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Gansbaai, meaning “bay of geese”, is a small fishing village and popular tourist destination in the Overberg region of the Western Cape. It is known as the “Great White Shark capital of the world” where exhilarating shark cage diving can enjoyed just off the coast, as well as some of the best land and boat based whale watching in the world. Familiarise yourself with our range of Gansbaai accommodations.

Gansbaai’s enchantment lies in its dramatic landscape characterised by rugged outcrops and stretching sand dunes, encircled by both sea and mountains. The area around Gansbaai has been dubbed the “coast of contrast” and is covered in unspoiled vegetation of the Cape Floral Kingdom. Despite being the smallest of the world’s six floral kingdoms, it is the richest with 9000 species.

Gansbaai’s major attraction lies in the high density of Great White Sharks that allow for excellent year round shark cage diving. Visitors can be jetted out to Dyer Island and climb into a cage attached to the boat to view the sharks in their natural environment. Interestingly, it is said that after the Kruger National Park, the Great White Sharks in Gansbaai attract some of the highest numbers of tourists to South Africa for any singular activity.

Nature lovers can walk the 50km of unspoilt Gansbaai shoreline ideal for swimming, hiking, surfing, and angling. Other activities to be enjoyed in Gansbaai include horse riding, visiting neighbouring wine farms, kayaking, whale watching, quad biking, and exploring the nearby Walker Bay Nature Reserve. The reserve boasts the Klipgat Cave, which is one of three places where old remains have been excavated in South Africa. It is one of the most important historical sites in the Western Cape, also holding claim to having the earliest evidence of the presence of sheep-herding Khoi people, whose descendants were the first to erect settlements in the Gansbaai area.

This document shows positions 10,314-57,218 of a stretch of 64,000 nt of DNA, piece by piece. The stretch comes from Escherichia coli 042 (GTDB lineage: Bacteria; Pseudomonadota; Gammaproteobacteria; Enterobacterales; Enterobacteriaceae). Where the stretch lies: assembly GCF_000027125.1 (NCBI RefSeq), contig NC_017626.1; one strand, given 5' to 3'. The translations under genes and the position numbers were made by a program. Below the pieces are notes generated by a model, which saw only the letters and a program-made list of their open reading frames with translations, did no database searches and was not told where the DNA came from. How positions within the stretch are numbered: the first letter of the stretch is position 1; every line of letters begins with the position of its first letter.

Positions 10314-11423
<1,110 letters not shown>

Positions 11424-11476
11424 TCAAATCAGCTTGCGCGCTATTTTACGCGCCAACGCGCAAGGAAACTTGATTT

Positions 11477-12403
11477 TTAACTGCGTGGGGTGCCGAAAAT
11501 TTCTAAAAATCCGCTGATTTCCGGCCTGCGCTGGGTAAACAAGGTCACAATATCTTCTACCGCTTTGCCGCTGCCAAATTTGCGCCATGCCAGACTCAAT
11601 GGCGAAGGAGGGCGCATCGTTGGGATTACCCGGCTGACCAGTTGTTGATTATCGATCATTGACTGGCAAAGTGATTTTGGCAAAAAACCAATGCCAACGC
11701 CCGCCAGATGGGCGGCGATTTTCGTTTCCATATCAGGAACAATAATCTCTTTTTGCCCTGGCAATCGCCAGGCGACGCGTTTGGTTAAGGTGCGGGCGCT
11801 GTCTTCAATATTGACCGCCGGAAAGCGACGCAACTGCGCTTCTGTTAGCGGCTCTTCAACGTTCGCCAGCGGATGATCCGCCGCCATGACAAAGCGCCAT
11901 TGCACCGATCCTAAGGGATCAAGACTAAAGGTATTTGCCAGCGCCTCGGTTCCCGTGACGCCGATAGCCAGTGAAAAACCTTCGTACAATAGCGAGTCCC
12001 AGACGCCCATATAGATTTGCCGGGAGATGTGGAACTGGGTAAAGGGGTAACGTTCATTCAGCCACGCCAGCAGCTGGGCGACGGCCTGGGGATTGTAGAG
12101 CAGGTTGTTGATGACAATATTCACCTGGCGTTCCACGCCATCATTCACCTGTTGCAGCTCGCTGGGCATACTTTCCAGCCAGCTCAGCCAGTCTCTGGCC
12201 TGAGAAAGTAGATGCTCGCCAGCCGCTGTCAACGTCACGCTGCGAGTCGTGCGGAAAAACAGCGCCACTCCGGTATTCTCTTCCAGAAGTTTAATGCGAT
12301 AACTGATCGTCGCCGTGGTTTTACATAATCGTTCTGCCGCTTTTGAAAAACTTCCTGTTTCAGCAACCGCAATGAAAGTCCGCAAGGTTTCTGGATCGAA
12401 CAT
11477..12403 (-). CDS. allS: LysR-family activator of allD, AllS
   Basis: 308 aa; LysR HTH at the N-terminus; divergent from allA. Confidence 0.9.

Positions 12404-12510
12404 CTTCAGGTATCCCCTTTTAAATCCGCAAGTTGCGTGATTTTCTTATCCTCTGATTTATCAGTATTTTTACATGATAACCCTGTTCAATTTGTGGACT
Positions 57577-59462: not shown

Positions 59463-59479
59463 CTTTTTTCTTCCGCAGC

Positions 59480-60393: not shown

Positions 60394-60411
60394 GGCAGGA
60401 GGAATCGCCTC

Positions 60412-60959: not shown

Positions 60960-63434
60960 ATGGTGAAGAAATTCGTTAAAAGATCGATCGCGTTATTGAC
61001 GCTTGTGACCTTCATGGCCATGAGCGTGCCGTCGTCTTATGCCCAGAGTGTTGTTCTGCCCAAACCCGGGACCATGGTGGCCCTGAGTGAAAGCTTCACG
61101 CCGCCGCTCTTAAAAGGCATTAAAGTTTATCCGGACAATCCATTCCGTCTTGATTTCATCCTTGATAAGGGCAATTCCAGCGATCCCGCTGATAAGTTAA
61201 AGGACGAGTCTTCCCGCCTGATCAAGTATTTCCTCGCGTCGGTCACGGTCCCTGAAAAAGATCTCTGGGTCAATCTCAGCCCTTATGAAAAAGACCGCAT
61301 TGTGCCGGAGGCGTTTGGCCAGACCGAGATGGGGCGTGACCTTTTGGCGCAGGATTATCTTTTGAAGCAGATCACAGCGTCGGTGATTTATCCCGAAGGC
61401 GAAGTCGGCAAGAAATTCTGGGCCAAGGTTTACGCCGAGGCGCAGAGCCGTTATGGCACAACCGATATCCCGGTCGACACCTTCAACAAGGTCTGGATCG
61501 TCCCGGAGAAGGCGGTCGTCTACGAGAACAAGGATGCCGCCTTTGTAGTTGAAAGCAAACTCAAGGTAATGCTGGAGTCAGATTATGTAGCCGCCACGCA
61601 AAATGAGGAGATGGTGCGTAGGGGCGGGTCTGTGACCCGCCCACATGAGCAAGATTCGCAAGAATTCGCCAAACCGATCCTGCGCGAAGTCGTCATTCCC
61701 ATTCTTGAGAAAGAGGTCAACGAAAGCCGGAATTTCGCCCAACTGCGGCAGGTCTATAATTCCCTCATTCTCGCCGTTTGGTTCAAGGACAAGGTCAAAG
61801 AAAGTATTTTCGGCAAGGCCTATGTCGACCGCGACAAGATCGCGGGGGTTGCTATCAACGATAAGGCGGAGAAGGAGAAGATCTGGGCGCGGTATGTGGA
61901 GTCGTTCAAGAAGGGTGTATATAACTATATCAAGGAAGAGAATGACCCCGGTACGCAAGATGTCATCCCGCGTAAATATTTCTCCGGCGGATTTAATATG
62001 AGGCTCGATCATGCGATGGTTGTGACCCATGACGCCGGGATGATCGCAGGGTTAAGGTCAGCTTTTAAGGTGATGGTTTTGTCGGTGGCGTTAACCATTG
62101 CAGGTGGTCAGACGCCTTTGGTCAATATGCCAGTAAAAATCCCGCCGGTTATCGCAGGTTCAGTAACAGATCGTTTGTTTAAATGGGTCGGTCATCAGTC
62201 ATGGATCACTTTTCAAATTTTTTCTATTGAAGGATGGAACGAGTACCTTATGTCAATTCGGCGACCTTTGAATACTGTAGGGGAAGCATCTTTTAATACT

Those seeking a history lesson in Gansbaai will enjoy visiting the Danger Point lighthouse, where a plaque commemorates the sinking of the Birkenhead. The ship was wrecked off the Gansbaai coast in 1852 when carrying Welsh and Scottish soldiers and their families to the Eastern Cape to fight the Xhosa. It was notably the first shipwreck that employed the “women and children first” protocol. All of the women and children were saved, but most of the men perished as a consequence. Over 140 ships have been wrecked to the east of Gansbaai, and in 1895, the Danger Point Lighthouse was built to provide safety for ships in these treacherous waters. You can climb the lighthouse to the revolving light and peer out over the choppy waters that cover the remains of the famous Birkenhead wreck.

Gansbaai features an abundance of restaurants and shops that add a charm to the surroundings. Here you can indulge in local delights, such as boerekos, bobotie, freshly baked bread, and homemade jams.

Make the most of your stay by booking one of the excellent accommodations available in Gansbaai.


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